Home roasting persisted in Mediterranean countries like Italy until well after World War II, and many drinkers in the Middle East and the horn of Africa still roast their own coffee as part of leisurely ritual combining roasting, brewing and dinking in one long sitting.
According to the legend, Muslim Sheikh Omar who was exiled to an infertile region of Arabia in about 1260 and according to one version of his legend discovered the benefits of roasted coffee while trying to avoid starvation by making a soup of coffee seeds. Finding them bitter, he roasted them before boiling them.
According to coffee expert Ian Bersten, he speculates that Syria is the likely location of the first truly roasted coffee, since Syrians, particularly in the city of Damascus, had developed the technology necessary to produce metal cookware.
At the early point in coffee history, probably before 1600, a somewhat different approach to coffee roasting and cuisine developed in Turkey, Syria and Egypt. The beans were brought to a very dark, almost black color, ground to a very fine powder, using either a millstone or a grinder with metal burns, and boiled and served with sugar.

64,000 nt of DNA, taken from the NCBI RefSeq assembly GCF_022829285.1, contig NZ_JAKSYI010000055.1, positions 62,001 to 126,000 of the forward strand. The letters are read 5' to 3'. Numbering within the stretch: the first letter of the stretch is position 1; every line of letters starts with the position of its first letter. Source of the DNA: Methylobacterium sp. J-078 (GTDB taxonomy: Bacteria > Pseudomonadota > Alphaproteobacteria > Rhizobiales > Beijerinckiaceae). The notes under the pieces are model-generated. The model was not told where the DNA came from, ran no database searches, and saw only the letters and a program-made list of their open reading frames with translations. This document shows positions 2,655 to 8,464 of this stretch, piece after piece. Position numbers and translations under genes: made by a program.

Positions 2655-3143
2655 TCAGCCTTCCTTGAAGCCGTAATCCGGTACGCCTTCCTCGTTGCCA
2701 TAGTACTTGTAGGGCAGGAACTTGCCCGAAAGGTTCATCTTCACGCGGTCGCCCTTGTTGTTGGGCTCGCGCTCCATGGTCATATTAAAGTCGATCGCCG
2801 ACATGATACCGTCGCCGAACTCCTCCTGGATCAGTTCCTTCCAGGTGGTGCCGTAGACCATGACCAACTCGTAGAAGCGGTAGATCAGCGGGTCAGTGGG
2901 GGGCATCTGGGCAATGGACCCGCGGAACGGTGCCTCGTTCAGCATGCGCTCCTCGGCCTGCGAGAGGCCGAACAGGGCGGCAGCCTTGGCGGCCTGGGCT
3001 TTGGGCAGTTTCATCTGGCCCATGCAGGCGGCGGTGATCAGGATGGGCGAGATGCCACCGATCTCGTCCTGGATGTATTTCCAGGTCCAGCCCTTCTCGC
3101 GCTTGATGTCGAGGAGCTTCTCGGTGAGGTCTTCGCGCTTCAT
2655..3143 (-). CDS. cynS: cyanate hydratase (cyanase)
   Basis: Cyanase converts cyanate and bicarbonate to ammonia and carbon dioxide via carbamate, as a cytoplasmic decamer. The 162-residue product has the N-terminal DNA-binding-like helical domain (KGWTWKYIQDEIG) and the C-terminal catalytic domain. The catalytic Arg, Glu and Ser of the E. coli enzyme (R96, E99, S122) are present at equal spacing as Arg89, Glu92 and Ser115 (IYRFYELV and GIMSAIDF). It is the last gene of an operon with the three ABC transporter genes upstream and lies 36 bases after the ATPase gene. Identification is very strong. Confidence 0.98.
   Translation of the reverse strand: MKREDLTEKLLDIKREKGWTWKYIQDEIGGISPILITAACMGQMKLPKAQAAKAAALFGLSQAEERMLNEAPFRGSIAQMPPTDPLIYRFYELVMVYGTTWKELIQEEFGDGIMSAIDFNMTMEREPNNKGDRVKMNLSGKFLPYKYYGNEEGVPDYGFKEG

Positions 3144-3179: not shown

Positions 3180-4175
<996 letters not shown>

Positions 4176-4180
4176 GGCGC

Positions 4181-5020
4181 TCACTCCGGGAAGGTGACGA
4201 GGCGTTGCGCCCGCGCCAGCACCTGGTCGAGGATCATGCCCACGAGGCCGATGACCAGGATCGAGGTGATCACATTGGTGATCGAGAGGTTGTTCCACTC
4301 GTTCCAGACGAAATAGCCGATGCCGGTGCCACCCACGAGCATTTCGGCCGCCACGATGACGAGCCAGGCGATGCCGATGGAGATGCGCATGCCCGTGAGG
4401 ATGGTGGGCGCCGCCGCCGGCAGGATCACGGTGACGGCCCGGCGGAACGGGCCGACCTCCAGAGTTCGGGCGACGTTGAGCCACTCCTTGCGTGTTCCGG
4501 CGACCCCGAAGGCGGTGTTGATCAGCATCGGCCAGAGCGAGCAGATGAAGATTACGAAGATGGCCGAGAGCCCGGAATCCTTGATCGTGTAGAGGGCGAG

Although Europeans traditionally imported the highest quality beams, American drank the most coffee per capita. Industrial coffee roasting began in the 1860s.
In the mid-nineteenth century, cylindrical, round and boxy coffee roasters came on the market in large numbers equipped with methods of agitating the beans to assure an even roast. In 1849, the inventor Thomas R. Wood of Cincinnati, Ohio, patented a hinged globe mounted on a three-legged frame with a bail for rotating beans as they heated on a hearth or stove.
The first successful commercial coffee roaster was invented in 1864 by Jabez Burns, who came to New York from London in 1845 and found employment with coffee and spice merchants. Burns devised a screw-like device to keep the beans moving as they roasted.
Continuous roasters are now frequently used by large-volume roasters. Reflectance-color meters are now used almost universally to characterize roast completeness and character.
History of coffee roasting